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When you think about your life, it is quite possible that you mind is playing tricks on you that can distort your view.
Cognitive distortions—where your mind puts a ‘spin’ on the events you see and attaches a not-so-objective interpretation to what you experience—happen all the time.
We all have cognitive distortions, which are simply tendencies or patterns of thinking or believing, and they are especially common in people with depression and other mood disorders.
This type of distortion is the culprit when people think in extremes, with no gray areas or middel ground.
All or nothing thinkers often use words like "always" and "never" when describing things. “I always get stuck in traffic!” “My bosses never listen to me!” This type of thinking can magnify the stressors in your life, making them seem like bigger problems than they may, in reality, be.
Those prone to overgeneratlization tend to take isolated events and assume that all future events will be the same.
For example, an overgeneralizer who faces a rude sales clerk may start believing that all sales clerks are rude and that shopping will always be a stressful experience.
It is a way of thinking where you apply one experience to all experiences and without knowing you apply it to multiple parts in your life.
Those who tend towards mental filtering may gloss over positive events and hold a magnifying glass to the negative.
Ten things can go right, but a person operating under the influence of a mental filter may only notice the one thing that goes wrong.
Add a little overgeneralization and all-or-nothing thinking to the equation, and you have a recipe for stress.
Similar to mental filtering, those who disqualify the positive tend to treat positive events like flukes, thereby clinging to a more negative worldview and set of low expectations for the future.
Have you ever tried to help a friend solve a problem, only to have every solution you pose shot down with a "Yeah but..." response? You’ve witnessed this cognitive distortion firsthand.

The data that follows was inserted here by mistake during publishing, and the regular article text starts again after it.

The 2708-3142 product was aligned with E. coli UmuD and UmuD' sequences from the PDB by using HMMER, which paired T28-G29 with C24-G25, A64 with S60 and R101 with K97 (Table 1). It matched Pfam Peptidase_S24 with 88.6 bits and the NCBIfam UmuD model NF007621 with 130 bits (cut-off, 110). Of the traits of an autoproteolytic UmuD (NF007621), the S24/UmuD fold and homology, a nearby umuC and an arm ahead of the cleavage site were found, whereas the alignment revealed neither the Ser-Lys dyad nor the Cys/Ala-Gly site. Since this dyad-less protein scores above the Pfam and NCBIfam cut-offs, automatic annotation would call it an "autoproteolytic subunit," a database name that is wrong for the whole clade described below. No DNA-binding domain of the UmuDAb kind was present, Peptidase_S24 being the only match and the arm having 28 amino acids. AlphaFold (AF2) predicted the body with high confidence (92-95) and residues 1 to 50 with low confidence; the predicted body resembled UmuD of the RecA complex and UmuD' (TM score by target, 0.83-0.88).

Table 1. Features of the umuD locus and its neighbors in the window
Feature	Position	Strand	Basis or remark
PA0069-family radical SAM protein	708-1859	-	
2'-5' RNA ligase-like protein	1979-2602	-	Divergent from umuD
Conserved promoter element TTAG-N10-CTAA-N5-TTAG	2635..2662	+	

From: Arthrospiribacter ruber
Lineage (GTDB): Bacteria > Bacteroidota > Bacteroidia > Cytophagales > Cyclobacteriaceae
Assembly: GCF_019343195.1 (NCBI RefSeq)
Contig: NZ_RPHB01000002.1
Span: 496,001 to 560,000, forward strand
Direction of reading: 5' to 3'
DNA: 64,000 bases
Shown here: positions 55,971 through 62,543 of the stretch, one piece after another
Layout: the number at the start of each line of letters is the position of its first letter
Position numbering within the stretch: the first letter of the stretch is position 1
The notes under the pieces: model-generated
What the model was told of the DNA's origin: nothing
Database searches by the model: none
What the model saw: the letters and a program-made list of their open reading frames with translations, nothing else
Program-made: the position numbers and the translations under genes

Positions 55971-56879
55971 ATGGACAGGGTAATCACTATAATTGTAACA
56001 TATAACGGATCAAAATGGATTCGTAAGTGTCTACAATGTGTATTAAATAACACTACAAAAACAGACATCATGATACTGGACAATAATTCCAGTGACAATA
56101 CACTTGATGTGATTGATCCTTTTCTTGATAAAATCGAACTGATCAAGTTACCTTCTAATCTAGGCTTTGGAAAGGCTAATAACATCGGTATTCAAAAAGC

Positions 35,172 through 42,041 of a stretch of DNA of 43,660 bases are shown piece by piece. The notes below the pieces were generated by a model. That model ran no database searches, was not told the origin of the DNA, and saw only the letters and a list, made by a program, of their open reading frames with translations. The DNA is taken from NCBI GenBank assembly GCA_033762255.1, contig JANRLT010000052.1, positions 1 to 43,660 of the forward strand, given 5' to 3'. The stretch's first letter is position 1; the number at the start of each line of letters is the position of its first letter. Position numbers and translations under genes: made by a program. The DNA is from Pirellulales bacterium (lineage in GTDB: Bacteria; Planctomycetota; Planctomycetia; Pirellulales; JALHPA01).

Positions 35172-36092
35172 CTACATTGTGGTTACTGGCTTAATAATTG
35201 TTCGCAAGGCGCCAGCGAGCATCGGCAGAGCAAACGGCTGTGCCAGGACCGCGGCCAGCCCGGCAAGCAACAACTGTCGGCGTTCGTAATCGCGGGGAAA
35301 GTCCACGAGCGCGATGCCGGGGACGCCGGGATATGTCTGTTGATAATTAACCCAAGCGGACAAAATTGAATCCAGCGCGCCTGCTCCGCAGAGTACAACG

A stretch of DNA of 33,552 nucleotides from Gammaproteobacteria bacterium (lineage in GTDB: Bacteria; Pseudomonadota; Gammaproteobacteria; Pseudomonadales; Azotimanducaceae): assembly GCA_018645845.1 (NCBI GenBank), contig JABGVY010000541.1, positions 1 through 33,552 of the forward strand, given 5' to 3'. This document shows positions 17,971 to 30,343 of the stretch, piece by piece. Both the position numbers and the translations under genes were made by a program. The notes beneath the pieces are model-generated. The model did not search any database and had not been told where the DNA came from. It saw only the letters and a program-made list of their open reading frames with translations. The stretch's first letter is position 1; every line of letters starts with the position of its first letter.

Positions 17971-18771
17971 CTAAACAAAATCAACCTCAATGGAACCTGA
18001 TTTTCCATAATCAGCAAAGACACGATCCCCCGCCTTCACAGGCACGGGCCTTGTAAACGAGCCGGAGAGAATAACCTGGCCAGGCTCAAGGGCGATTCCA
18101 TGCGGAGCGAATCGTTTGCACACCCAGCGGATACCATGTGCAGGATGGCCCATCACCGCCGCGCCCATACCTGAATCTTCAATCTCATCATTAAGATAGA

People do this all the time. Rather than letting the evidence bring the, to a logical conclusion, they set their sights on a conclusion. Its often negative and then look for evidence to back it up, ignoring evidence to the contrary.
The kid who decides that everyone in his new class will hate him, and ‘knows’ that they’re only acting nice to him in order to avoid punishment, is jumping to conclusions.
Similar to mental filtering and disqualifying the positive, this cognitive distortion involves placing a stronger emphasis on negative events and downplaying the positive ones.
The customer service representative who only notices the complaints of customers and fails to notice positive interactions is a victim of magnification and minimization.
Another form of this distortion is known as catastrophizing, where one imagines and then expects the worst possible scenario. It can lead to a lot of stress.
This one is a close relative to jumping to conclusions in that it involves ignoring certain facts when drawing conclusions.
Emotional reasoners will consider their emotions about a situation as evidence rather than objectively looking at the facts.
“I’m feeling completely overwhelmed, therefore, my problems must be completely beyond my ability to solve them,” or, “I’m angry with you; therefore, you must be in the wrong here,” are both examples of faulty emotional reasoning.
Acting on these beliefs as fact can, understandably, contribute to even more problems to solve.
Those who rely on ‘should statements’ tend to have rigid rules, set by themselves or others, that always need to be followed — at least in their minds.
They don’t see flexibility in different circumstances, and they put themselves under considerable stress trying to live up to these self-imposed expectations.
If your internal dialogue involves a large number of ‘shoulds,’ you may be under the influence of this cognitive distortion.
Those who label or mislabel will habitually place labels that are often inaccurate or negative on themselves and others.
“He’s a whiner.” “She’s a phony.” “I’m just a useless worrier.”
These labels tend to define people and contribute to a one-dimensional view of them, paving the way for overgeneralizations to move in.
Labeling cages people into roles that don’t always apply and prevents us from seeing people (ourselves included) as we really are.
It’s also a big no-no in relationship conflicts.
Those who personalize their stressors tend to blame themselves or others for things over which they have no control, creating stress where it needs not be.
Those prone to personalization tend to blame themselves for the actions of others or blame others for their own feelings.
If any of these feel a little too familiar, that’s a good thing: recognizing a cognitive distortion is the first step of moving past it.
I'm passionate about helping people live their best lives. I'm a lifestyle coach and fitness trainer, and I also write and take photographs. Check out the link below for more and follow me on twitter!
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